cheerfully acquiesced, obeying all my orders to the best of his ability until
we were out of danger. I now ordered some officers on leave of absence to
duty; dismounted the train guard; ordered the one company at the stockade
to remain with the trains, which were to follow us, as a guard; threw out one
 company in advance as skirmishers, and proceeded with the balance up
the track to relieve the garrison in the block-house by dislodging the enemy.

About 1 miles from the railroad bridge I found a wagon road crossing the
track, and on inquiry learned it crossed the river about 2 miles east
 of the railroad bridge where the enemy were posted. I here ordered two
companies to support the skirmishers, all to proceed cautiously up the track,
taking advantage of the ditches and timber, and to engage the enemy. With the
rest I struck off to the east on the wagon road to turn their left flank, and
reached the river just in time to save the wagon-road bridge, which had been
fired; crossed over; pressed a citizen residing there into service as guide;
threw out another company as skirmishers, and made all haste down the right
(north) bank of the river, to find the enemy had fled, dropping some clothing
and cartridge-boxes filled with cartridges in their hasty retreat, and the
garrison relieved with both trains up to the bridge.
On being informed they had taken the road to Humboldt, Tenn, 3 miles distant,
and up the track, I re-enforced the two block-house companies with the one
stockade company, and, ordering the trains to keep well closed up and near us
as possible, started up the track in pursuit, finding two short trestle
bridges slightly burned and cut. It was now getting dark, and on nearing the
town we saw several houses on fire, and could easily distinguish the hostile
cavalry riding about by the light of the flames. Cautioning the men to extreme
silence and stealthfulness I divided my command in three columns, holding one
company in reserve on the track, two columns to strike off to the right
 of the track to encircle the town and to open fire on reaching the vicinity of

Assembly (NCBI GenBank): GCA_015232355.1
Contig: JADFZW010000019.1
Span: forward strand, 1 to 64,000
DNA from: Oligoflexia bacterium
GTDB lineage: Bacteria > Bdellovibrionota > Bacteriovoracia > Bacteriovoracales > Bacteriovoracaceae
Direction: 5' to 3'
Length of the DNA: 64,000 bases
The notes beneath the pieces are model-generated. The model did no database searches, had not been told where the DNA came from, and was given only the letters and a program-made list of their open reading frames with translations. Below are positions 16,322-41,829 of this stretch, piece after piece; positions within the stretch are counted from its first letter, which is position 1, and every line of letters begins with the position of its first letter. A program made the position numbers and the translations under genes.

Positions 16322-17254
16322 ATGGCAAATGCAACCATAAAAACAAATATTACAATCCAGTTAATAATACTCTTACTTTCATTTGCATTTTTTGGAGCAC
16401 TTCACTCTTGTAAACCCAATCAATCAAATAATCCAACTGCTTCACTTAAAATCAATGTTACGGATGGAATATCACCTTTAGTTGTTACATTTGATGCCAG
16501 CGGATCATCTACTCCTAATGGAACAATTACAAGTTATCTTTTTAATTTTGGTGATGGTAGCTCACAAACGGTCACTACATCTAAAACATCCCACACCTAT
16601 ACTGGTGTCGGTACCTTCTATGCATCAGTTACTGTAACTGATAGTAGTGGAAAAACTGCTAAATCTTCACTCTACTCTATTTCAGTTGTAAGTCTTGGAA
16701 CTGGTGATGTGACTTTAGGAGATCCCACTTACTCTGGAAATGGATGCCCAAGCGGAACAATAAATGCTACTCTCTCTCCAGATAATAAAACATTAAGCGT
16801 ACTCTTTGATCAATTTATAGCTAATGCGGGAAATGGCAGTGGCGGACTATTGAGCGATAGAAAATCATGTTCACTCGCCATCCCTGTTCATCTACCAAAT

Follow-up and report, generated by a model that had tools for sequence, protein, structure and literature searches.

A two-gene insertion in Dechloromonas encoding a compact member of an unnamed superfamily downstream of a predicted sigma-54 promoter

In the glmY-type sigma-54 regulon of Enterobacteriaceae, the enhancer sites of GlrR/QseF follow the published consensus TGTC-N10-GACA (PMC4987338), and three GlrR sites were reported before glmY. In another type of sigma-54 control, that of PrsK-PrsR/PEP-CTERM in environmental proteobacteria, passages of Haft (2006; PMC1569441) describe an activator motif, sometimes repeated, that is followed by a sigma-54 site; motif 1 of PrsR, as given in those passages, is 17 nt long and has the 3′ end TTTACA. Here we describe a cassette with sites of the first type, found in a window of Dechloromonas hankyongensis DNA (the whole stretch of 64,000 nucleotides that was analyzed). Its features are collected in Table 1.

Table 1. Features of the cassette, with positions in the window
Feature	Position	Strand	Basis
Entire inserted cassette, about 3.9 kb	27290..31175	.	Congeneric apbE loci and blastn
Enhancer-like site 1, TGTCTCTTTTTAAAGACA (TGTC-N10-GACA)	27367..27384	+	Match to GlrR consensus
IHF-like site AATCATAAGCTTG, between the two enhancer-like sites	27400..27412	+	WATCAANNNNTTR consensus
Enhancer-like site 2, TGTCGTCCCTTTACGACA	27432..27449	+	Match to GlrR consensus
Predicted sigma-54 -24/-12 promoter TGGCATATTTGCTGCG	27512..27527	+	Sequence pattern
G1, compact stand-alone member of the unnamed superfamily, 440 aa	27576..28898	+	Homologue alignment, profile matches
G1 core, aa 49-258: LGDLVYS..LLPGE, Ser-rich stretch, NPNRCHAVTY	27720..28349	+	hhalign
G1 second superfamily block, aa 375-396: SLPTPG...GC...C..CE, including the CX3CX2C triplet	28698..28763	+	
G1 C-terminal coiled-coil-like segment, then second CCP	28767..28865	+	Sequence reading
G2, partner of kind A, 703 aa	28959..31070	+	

the houses, one column to the left, to open fire if the enemy attempted
 to escape in that direction. In quarter of an hour the right column opened
 in a lively manner, causing the enemy to scamper in the direction of
 Trenton, Tenn., and to forget some of their plunder.

The town of Humboldt was recaptured, and three stentorian cheers from the
reunited command rung out upon the night air and pealed upon the unwilling
ears of the disappointed and baffled Confederates.
The railroad north and south was immediately picketed, and one of my staff
ordered to obtain information from the citizens about the wagon roads and the
country, with a view to making a map. Colonel Rogers was ordered to take his
regiment and occupy the fort which commands the whole place and vicinity, and
instructions generally given that "in case of an attack, all to rally in the
fort." The two trains soon came up, the damage to the trestle bridges having
been easily and speedily repaired, and all were saved and safe.
These good results were the more gratifying as they were accomplished with but
I wounded on our side. The Confederate loss was 2 killed and 4 wounded. About
an hour later I was astonished to learn that Colonel Rogers had not only
willfully disobeyed my order by abandoning the fort and camping his regiment
in the safest part of the town, but had failed to inform me of the same,